A woman is beaten every 15 seconds.
This statement is sometimes attributed to the FBI, sometimes to the Bureau of Justice Statistics. You may find it attributed to other sources as well. The most common formulation is "According to the FBI..."
The FBI once did estimate that a woman is beaten every 15 seconds. However, the statement as used by feminist activists is a half-truth, and a very misleading one. First of all, the FBI does not calculate, tabulate, or track data on domestic violence. To make this estimate, the FBI used data from the book Behind Closed Doors: Violence in the American Family by Murray Straus, Richard J. Gelles, and Suzanne K. Steinmetz. The reason the statement as used by activists is a half-truth is that this book states that men and women are equally likely to be violent in relationships. The same data set that supports the claim "a woman is beaten every 15 seconds" also supports the claim that "a man is beaten every 15 seconds". The activists have made half of the data a rallying call for action, while suppressing or denying the other half of the same research.
Behind Closed Doors is based on data collected as part of the first National Family Violence study. These studies, funded primarily by the federal government, are currently conducted by the Family Research Laboratory at the University of New Hampshire. There have been two more of these studies since the book. All three are based on interviews with a randomly-selected sample of the population. This distinguishes them from police records and other "crime" data, which are necessarily based on the self-selected sample of those who come forward to report such violence.
All three National Family Violence studies, and in fact about 30 other similar studies done in other countries, have found that men and women are equally violent in relationships. Even when only interviews with women are taken into account, women themselves say they have engaged in more violent acts against their partners than the reverse. This is true even for the more serious forms of violence such as kicking, punching, or using a weapon to inflict injury.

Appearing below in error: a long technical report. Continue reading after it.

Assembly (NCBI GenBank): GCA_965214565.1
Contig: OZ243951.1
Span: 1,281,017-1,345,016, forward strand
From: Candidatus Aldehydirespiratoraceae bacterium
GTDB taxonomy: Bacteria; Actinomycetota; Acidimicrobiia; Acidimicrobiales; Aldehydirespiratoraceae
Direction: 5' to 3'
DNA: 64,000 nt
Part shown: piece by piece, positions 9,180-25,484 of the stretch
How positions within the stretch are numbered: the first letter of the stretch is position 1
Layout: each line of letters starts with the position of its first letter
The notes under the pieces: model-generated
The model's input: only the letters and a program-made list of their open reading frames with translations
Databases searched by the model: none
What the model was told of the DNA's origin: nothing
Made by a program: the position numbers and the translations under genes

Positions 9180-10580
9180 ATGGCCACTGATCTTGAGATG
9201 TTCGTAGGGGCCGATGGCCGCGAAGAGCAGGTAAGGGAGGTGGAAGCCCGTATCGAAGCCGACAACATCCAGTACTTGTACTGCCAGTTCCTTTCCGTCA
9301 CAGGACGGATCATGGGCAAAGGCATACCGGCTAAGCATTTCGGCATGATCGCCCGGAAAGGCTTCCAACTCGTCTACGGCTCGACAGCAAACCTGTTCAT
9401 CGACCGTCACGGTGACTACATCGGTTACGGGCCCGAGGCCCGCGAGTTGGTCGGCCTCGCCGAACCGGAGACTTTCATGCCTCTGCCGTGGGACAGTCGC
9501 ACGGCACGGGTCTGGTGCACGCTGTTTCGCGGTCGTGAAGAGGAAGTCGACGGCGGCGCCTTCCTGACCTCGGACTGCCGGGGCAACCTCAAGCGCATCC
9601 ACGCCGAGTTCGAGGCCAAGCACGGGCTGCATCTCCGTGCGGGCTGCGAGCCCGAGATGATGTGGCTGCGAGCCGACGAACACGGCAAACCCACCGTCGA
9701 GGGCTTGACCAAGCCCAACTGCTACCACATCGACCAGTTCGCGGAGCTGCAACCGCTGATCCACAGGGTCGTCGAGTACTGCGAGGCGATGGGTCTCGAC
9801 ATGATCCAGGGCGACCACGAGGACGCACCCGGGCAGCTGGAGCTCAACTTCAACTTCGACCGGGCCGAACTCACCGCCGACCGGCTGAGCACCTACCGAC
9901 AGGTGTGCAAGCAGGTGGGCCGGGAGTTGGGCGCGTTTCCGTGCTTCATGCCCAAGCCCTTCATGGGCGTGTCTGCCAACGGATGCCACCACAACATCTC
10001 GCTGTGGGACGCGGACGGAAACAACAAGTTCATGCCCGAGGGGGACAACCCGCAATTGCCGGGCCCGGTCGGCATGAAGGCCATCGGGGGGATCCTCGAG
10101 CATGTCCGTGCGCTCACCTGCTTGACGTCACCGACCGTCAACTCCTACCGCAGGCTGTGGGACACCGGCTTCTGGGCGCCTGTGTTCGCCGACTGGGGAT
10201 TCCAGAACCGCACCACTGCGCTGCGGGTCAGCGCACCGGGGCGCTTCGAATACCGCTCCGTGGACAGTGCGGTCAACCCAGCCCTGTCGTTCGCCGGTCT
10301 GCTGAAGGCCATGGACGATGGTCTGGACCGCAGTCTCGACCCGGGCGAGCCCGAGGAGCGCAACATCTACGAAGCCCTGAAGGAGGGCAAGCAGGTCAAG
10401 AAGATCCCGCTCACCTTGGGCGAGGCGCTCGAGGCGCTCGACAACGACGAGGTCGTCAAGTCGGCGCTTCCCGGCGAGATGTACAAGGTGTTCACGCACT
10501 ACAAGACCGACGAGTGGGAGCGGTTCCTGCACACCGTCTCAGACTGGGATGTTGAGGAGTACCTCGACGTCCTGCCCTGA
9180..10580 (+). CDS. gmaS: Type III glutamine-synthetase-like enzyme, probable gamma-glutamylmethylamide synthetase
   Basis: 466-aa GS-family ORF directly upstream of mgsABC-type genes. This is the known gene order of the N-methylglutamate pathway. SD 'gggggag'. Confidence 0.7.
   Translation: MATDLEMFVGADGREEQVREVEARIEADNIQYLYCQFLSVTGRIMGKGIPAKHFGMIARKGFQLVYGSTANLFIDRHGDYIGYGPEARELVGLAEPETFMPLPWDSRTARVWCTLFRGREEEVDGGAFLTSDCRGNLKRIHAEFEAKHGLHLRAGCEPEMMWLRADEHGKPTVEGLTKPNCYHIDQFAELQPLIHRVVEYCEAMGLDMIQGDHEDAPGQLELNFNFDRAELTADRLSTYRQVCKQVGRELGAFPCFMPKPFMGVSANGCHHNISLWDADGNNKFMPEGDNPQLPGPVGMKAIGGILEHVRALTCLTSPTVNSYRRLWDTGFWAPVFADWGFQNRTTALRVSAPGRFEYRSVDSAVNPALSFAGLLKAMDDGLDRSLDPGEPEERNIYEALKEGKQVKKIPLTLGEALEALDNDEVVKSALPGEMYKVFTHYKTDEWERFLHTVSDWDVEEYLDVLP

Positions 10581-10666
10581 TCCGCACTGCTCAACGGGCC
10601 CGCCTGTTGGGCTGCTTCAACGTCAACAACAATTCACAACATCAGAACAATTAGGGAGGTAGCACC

You can verify this yourself. The paper entitled Change in Spouse Assault Rates from 1975 to 1992: A Comparison of Three National Surveys in the United States, which was presented at the 13th World Congress of Sociology, in Bielefeld, Germany, on July 19, 1994, may be ordered directly from the Family Research Laboratory by printing out the order form and sending it in with $2.00, plus shipping and handling. Order publication number V55.
It used to be fashionable at this point to say that because men are on average larger and physically stronger than women (though not obviously in all cases), women cannot do as much damage as men might in the same circumstances. However, other data suggests that women are four times more likely than men to use weapons in these attacks. A recent study reported in the Annals of Emergency Medicine and reviewed in the Journal of the American Medical Association states that half of the domestic violence injuries encountered in a large urban emergency room were sustained by men. These researchers stated that "19% of the women patients and 20% of the men had experienced recent physical violence." Significantly, these are almost exactly the same percentages found by the random-sample surveys such as those conducted by Straus, et.al.